The United Nations turned 70 Saturday, and it made sure the world knew about the event. Countries large and small Saturday night bathed their iconic buildings, historic and ancient sites, and other landmarks in blue light, the color of the international organization, often to stunning effect in photos, from the pyramids of Giza to Christ the Redeemer in Rio de Janeiro.
Some 300 sites around the world were lit up Saturday, the United Nations said. The purpose of the event was to commemorate U.N. Day Oct. 24, which is the anniversary of when the United Nations charter entered into force in 1945. That charter's ratification marked the birth of the United Nations, an international body whose purpose was to "maintain international peace and security" and remove threats to collective peace, according to the charter.
The U.N. also aimed to develop better relations and improve cooperation among countries and promote respect for human rights, among other goals. Today, the United Nations has 193 member nations. Its programs provide food to some 90 million people in 80 countries, according to its own statistics, and it helps nearly 40 million people who are fleeing war, famine and persecution.
But the organization is also controversial and is frequently painted as ineffective, particularly given the ongoing civil war in Syria that has divided the U.N. Security Council and a refugee crisis in Europe that has reached historic proportions.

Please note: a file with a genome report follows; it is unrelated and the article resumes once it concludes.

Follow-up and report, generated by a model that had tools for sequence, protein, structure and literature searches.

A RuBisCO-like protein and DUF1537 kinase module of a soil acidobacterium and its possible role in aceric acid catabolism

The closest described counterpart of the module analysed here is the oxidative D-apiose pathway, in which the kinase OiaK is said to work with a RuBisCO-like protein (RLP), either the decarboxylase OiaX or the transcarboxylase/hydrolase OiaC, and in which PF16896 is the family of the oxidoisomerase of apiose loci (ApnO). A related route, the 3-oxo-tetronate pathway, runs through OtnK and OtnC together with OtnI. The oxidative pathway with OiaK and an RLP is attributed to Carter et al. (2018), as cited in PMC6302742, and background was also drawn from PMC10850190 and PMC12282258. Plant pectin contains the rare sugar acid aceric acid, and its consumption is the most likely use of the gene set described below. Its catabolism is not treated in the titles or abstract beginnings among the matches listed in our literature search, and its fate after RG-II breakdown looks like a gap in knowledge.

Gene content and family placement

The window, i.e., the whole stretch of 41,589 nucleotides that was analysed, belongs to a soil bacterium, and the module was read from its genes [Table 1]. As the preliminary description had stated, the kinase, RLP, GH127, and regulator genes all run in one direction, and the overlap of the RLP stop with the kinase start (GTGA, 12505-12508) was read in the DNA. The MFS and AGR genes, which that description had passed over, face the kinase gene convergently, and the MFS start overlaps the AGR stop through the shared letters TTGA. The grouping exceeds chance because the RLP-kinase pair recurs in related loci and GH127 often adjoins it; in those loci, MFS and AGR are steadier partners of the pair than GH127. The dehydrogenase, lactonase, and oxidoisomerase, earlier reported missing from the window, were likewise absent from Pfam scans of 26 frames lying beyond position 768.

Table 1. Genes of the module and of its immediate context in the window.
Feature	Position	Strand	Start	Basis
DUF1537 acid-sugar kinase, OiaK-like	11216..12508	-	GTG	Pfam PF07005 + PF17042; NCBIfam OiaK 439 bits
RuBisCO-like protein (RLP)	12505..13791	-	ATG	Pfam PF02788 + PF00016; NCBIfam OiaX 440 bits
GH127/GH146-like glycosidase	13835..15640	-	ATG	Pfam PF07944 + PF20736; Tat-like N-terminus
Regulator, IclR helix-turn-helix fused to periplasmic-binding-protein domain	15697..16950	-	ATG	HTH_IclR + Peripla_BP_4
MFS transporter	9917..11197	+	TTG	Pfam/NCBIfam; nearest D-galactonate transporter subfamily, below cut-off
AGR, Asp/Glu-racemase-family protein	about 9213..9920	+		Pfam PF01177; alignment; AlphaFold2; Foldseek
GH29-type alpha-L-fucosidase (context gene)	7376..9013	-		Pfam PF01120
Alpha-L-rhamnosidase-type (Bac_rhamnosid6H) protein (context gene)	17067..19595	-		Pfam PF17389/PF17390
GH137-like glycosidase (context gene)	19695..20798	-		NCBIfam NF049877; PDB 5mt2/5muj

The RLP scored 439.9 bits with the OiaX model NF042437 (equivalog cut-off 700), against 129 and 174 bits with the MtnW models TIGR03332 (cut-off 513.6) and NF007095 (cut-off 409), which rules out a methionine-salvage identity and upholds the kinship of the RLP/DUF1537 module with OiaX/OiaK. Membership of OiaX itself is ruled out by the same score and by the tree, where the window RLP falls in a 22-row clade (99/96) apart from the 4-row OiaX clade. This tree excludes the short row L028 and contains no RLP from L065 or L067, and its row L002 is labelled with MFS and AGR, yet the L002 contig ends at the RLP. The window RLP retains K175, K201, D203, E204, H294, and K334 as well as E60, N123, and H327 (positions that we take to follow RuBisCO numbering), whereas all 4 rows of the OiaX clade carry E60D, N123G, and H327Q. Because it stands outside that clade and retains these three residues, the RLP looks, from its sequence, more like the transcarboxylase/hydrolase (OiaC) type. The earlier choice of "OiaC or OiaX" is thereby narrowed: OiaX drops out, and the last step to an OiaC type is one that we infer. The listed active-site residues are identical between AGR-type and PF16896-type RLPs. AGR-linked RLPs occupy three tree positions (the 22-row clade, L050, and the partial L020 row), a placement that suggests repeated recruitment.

Nevertheless, countries around the world celebrated the United Nations Saturday, in an event the United Nations itself said would be "part of a large-scale press and social media outreach effort" that "will be seen by millions of people around the world." Here's what they looked like, in pictures.
Below, a blue Great Wall Of China stretches into the distance:
In Lebanon, the Crusaders' Citadel in Byblos, north of Beirut, is lit up in blue as people linger in the foreground.
Egypt lit up the Pyramids of Giza, estimated to be more than 4,000 years old. The Sphinx that lies nearby was also part of the lightshow.
In Lithuania, the Gediminas Castle Tower was illuminated.
In New York City, the top of the Empire State Building in Manhattan glowed blue:
In Belarus, a blue national library contrasted with a yellowed backdrop of clouds.
In Jordan, Roman ruins atop the Citadel were blue against a backdrop of homes and mosques.
A fog clouded the blue-lit Christ the Redeemer statue in Rio de Janeiro, Brazil.
Kazakhstan lit up the "Hotel Kazakhstan" in Almaty.
In Belgium, the city hall on Brussels' Grand Place glowed blue.